Stronger Than Steel: Judas Priest On Overcoming Adversity And Showing No Signs Of Slowing Down
If you want a measure of Judas Priest, try this: on the day Kerrang! is due to meet with singer Rob Halford and guitarist Glenn Tipton in London to talk about the British metal legends’ killer new album, Firepower, a sad message comes through. Glenn will not be joining us today. Nor will he be taking part in Judas Priest’s forthcoming tour dates, a result of the development of Parkinson’s disease, a condition with which he was diagnosed a decade ago, but has never publicly spoken about until now [this is a reprint of a feature published in K!1712 on March 10].
But the statement bearing the news, while sad, is also filled with optimism, with hope. “I want everyone to know that it’s vital that the Judas Priest tour go ahead and that I am not leaving the band – it’s simply that my role has changed,” read Glenn’s words. “I don’t rule out the chance to go onstage as and when I feel able to blast out some Priest! So at some point in the not too distant future I’m really looking forward to seeing all of our wonderful metal maniacs once again.”
When Rob Halford and Glenn’s co-axeman Richie Faulkner enter the room at the band’s label offices, the news is the first thing they bring up in conversation. And it’s immediately clear that, while upsetting, it is not going to be allowed to block the road. The tour is going ahead with Andy Sneap – Firepower’s producer and guitarist with Brit thrashers Sabbat – filling in. The Priest juggernaut, proudly, remains on the road.
“It’s an emotional day, obviously,” says Rob. “And we’re happy that Glenn’s been able to make a decision that’s good for him, and the place that he’s at right now. Glenn’s thing was all about the band. But we insisted, ‘No, this is about you.’ It just goes to show you where his heart is at.”
It was only during rehearsals, 10 days before the announcement, that Glenn made the decision not to tour. The news was met not as a problem, but with all the love and support you’d expect.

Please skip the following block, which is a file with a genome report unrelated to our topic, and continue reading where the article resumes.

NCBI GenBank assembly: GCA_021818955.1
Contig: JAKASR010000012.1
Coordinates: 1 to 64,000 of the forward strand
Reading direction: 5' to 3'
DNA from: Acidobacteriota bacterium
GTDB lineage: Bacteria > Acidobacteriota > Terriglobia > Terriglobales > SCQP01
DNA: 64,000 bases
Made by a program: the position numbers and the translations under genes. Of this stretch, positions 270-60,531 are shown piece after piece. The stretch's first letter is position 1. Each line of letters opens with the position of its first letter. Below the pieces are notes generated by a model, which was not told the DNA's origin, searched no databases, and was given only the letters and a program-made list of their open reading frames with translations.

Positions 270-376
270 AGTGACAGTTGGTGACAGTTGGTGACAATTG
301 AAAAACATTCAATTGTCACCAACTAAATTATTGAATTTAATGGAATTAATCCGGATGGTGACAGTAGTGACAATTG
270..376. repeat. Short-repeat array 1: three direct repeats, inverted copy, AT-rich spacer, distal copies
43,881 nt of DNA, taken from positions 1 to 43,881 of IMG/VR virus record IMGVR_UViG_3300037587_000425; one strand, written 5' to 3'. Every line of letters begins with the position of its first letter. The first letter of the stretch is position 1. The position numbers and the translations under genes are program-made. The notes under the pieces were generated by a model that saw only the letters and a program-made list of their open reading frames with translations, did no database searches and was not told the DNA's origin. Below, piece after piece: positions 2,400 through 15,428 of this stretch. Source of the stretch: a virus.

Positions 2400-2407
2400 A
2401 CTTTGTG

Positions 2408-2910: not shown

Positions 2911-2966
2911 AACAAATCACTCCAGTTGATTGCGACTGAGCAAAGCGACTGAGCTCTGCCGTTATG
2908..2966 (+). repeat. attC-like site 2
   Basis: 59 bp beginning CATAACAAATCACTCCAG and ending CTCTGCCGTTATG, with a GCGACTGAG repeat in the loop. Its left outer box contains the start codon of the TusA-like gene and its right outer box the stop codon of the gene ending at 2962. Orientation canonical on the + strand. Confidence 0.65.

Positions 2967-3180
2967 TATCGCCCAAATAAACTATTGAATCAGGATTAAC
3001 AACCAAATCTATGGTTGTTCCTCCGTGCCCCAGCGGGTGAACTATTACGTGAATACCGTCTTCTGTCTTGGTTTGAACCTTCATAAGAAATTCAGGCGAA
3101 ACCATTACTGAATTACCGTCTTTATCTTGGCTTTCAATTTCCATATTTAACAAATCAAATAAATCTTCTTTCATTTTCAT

Judas Priest, Spectre
When he told us, we all got together in a room, and it was a real family coming together moment,” reveals Richie. “We talked about it, and it was an emotional thing. But again, Glenn is very much with us every day. I know he’s gonna be creating new stuff. And when we’re on tour and he does come out, the fans are gonna go nuts, man! The response from fans has been really touching. It was a brave move for Glenn, but because of what he means to everyone in the Priest family, there’s been nothing but love.”
“For Glenn, the optimism, the hope and the positivity are absolutely vital,” asserts Rob. “Great things are happening all the time, in terms of medication and so on. The fact that he’s had this for 10 fucking years and never made an issue out of it shows how he’s not letting it get him down.”
The Metal God beams, defiant and proud of his friend’s strength.
“There will be another Priest album,” he states. “And I can’t wait to get to work on it with Glenn, quite frankly.”
Let’s not get ahead of ourselves, though, because Judas Priest have a lot going on in the present. Namely, the release of their new album, Firepower, number 18 in their almighty canon. A fully-charged dose of heavy metal power and domineering spirit, it’s as thunderingly classic as it is fitted with a razor-sharp cutting edge, at once dependably Priest and freshly pointed. And as if to hammer home that this is, in Rob’s words, “The best heavy metal we can make in 2018,” there’s a song on it called Flame Thrower.
Judas Priest, No Surrender